Skip to main content

Aquatic Sports History of southern Africa

The history of swimming and related sports in South Africa, Rhodesia, and South West Africa from 1900 to 2000 and beyond. 

The British Empire established a base in the Cape Colony in 1806, to keep Napoleon at bay and to control the Far East trade routes around Africa. The transplanted British colonists imported their culture and norms, including a love for water sports, encouraged locally by the hot Cape summer weather. Sports clubs were established for water polo, swimming, diving and lifesaving activities.

Water festivals held in the Cape Town dry dock were popular entertainment for the Victorians. They also swam and played in rivers and dams and oceans, and built tidal pools and indoor swimming pools. Betting also played a big part in promoting sporting events. When Charteris Hooper became the first man to swim from Robben Island in 1909, he did it to win a bet.

The South African Amateur Swimming Union, with the Western Province and Eastern Province as its founder members, was established in Port Elizabeth, during the Boer War. After the war, the Swimming Union expanded to all parts of the country and Rhodesia.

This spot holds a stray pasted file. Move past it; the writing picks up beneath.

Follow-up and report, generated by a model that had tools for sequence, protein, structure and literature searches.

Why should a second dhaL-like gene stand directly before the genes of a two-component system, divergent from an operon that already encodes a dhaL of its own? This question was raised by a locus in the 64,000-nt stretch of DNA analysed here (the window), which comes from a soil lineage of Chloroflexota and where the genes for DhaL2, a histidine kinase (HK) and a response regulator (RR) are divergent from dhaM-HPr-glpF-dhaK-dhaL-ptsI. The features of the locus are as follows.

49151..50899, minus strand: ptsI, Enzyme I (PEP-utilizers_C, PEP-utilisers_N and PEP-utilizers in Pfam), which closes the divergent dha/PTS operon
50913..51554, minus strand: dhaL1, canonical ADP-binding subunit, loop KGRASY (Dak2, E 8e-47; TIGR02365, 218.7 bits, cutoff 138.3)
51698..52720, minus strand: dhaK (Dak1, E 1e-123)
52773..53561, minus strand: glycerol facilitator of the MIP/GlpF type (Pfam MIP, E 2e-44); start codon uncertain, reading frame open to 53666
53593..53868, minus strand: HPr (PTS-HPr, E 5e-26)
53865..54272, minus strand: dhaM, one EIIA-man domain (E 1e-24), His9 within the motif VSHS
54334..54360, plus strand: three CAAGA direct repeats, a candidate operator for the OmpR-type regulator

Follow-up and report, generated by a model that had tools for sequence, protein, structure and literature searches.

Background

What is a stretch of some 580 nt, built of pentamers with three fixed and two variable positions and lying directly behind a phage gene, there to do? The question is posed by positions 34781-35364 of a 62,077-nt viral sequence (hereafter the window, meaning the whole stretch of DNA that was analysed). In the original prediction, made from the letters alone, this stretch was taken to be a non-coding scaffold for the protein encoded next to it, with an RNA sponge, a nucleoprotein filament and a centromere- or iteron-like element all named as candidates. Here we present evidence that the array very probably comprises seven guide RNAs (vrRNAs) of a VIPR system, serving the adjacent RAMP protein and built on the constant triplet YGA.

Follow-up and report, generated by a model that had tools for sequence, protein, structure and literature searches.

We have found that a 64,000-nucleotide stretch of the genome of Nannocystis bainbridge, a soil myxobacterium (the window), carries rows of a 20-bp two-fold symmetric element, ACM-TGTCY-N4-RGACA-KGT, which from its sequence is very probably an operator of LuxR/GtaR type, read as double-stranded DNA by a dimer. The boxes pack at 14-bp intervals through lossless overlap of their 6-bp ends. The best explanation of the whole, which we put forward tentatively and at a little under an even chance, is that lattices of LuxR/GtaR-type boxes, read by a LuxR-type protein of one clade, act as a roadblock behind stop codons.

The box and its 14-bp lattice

The youngest person to break senior world record

On the 10th of August, 1965, Karen Muir became  the youngest world record holder any time in any sport when she set a new world record in the women's 110-yard backstroke.

At 12 years, 10 months, and 25 days old, swimming in the junior section of the British Swimming Championships in Blackpool, England - because she was too young to compete with the older girls in the open category!

The girl from Kimberley in the Cape had only been swimming for three years, under the guidance of an imported British coach named Frank Gray.


The various categories of Champions: World record-holders; Olympic, World, or Commonwealth medalists, International stars, Paralympic champions and those who chose to stay  - the Local Heroes, while many went into exile to compete abroad.  

Aquatic Sports

The history of swimming-related recreational and competitive water sports in southern Africa.

Water festivals included swimming, diving, water polo matches and "fancy swimming", while lifesaving competitions ensured the competence of those responsible for preventing drownings. Swimming-based multisports, like triathlons, are related modern aquatic sports.

South African National Championships

The first championship held by the SAASU was held at Port Elizabeth in 1900. The main event was a water polo competition between Western Province and Eastern Province. The prize was one of the trophies donated by Sir Donald Currie for 

Pools and other Places

Locations where people swim. The dams, rivers, oceans, tidal pools, swimming pools - school pools, municipal pools, club pools, dead pools and all the other places where aquatic sports history is made.

Click the arrow on the left to set 10 different categories of pools and places.

Click the square on the right to view the full size map.